The issue of the alienation or sale of property is distinct from the existence of the trust. I believe that the current court decision, even if upheld on appeal, should not concern any parish so long as it remains part of the Episcopal Church. That seems to me to be the plain reading of Canon I.7.4. (The "Dennis Canon.") I read "otherwise" in this canon not in reference to the trust (for the Church and Diocese thereof) but in reference to the normal property rights enjoyed by the parish restricted only by the immediately preceding section of the Canon (I.7.3) which describes the procedure and the requirements for encumbrance or alienation.

So my point is that the bishop and standing committee cannot waive the trust, but they can permit the sale or long-term lease of property so long as the parish is part of the Episcopal Church. (Which is the case for the vast majority of congregations.) 

Furthermore, I do not see how this decision would apply to property transactions for parishes that remain part of the Episcopal Church -- or, indeed, who would have standing to challenge such a legitimately permitted and canonically correct sale if the Bishop and standing committee, and the vestry of the parish, have approved it – or even who would care to do so.

Matters are different for parishes that choose to leave the Episcopal Church. I am aware that national leadership have attempted to forbid amicable and fair-value settlements to departing congregations in a few cases; and very likely look askance at sales for a mere token; but I imagine that the urge to challenge even the latter in court will depend on the willingness to meet the legal costs, and I for one would hope that urging reasonable settlements would prevail.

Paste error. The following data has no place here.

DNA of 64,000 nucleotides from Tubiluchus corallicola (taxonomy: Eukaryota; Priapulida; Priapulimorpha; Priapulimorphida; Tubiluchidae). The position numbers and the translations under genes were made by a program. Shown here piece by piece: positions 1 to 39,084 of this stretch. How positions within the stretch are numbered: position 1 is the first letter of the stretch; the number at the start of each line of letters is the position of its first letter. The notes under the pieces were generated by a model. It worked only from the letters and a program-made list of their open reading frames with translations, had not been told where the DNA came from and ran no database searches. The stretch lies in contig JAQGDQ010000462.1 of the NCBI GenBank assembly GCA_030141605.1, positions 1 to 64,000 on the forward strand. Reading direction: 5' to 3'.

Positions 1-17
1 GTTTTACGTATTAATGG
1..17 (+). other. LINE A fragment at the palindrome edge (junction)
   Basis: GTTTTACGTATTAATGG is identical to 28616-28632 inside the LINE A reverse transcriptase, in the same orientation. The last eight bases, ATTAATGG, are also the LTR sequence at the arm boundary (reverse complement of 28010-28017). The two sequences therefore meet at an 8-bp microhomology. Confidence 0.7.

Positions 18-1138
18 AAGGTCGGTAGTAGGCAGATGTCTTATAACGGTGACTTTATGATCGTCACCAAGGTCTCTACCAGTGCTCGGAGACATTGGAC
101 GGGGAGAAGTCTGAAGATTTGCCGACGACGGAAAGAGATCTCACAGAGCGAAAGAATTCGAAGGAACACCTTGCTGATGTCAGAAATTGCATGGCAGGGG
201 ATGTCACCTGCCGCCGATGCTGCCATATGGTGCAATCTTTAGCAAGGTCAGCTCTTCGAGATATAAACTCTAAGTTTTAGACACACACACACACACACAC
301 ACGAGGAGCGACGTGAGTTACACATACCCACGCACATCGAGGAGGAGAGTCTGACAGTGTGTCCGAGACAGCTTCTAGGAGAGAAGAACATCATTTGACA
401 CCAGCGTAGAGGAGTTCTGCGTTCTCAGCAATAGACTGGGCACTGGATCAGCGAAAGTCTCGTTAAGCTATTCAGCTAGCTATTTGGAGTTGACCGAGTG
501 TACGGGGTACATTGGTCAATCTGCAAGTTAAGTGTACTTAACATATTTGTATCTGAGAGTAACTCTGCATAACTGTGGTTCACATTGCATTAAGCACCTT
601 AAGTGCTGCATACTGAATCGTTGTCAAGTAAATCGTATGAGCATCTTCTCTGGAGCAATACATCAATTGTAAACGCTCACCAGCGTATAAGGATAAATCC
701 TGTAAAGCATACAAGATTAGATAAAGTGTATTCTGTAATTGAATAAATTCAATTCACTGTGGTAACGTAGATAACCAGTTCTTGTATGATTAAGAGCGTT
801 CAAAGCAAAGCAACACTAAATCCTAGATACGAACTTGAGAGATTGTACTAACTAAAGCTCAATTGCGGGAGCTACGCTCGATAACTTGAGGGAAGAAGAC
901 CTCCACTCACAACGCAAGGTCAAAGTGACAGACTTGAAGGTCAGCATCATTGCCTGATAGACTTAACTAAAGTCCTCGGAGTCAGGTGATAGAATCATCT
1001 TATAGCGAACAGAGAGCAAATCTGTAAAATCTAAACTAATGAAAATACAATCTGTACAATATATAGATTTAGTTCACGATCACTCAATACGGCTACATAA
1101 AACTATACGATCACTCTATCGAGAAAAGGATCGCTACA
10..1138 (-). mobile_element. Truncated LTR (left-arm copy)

Further conversation with A Curmudgeon was very helpful and directs me to what I think is the difficulty I have with his position. This devolves to two points.

The attempted waiver on the acquisition of the property was really an attempt to waive responsibilities de futuro (pardon my mixing marriage law with real estate... just that my head is rather involved in work on the former at present), in other words, proactively to hold property free from the trust in the case of some future alienation. The court found that the trust relationship cannot be so dissolved, either in the future or the present. As I suggest, there were other possible ways to structure this, but a bishop cannot essentially authorize a sale of property (a parish doesn't yet own) in the future, or apply the dead hand to require a successor so to do -- and the St Com approval is also needed in any case. In the present, however, a Bp and SC can authorize an encumbrance (sale or lease) -- not "waive the trust." Which brings me to my second point.

Mr. Haley is interpreting the encumbrance of property in I.7.3 as a waiver of the trust in I.7.4. But it is not a waiver of the trust, since the value of the property remains for the use of the church. It is a transaction within the trust, not an escape from or waiver of it. It was the attempted waiver de futuro -- essentially to allow a parish allodial title to their property -- that the court found to be a nullity. Parishes do not hold their property free and clear.

I.7.3 was on the books long before I.7.4 was a glint in Walter's (or Blackmun's) eye. The trust element was, as various courts have stated it, implicit, in part because of the long-standing limitations on the encumbrance of property to the extent that a higher authority (Bp and SC) had to approve sales or long-term leases.

I do not see this as a case of special pleading, but an across the board requirement. Parishes are not able "to deal freely with their properties" even within TEC. They must have Bp and SC approval for any encumbrance. In NY this is written into the Not-or-Profit Religious Corporations statute as well (predating Dennis), so we need approval of the Supreme Court as well!



Lionel Deimel said...

One correction—it was not the bishop who wrote the 1991 letter but the canon to the ordinary, the Rev. Canon D. Bruce MacPherson. (You can read the court’s opinion here.)

Tobias Stanislas Haller BSG said...

Yes, thanks, Lionel. What I meant, of course, is that the letter was expressing the bishop's agreement with the scheme to waive the trust, an act well beyond his competence (and certainly that of his Canon to the Ordinary!)

Thanks also for the link to the decision. I reviewed it prior to writing -- which is likely more than can be said for many who are opining on the matter...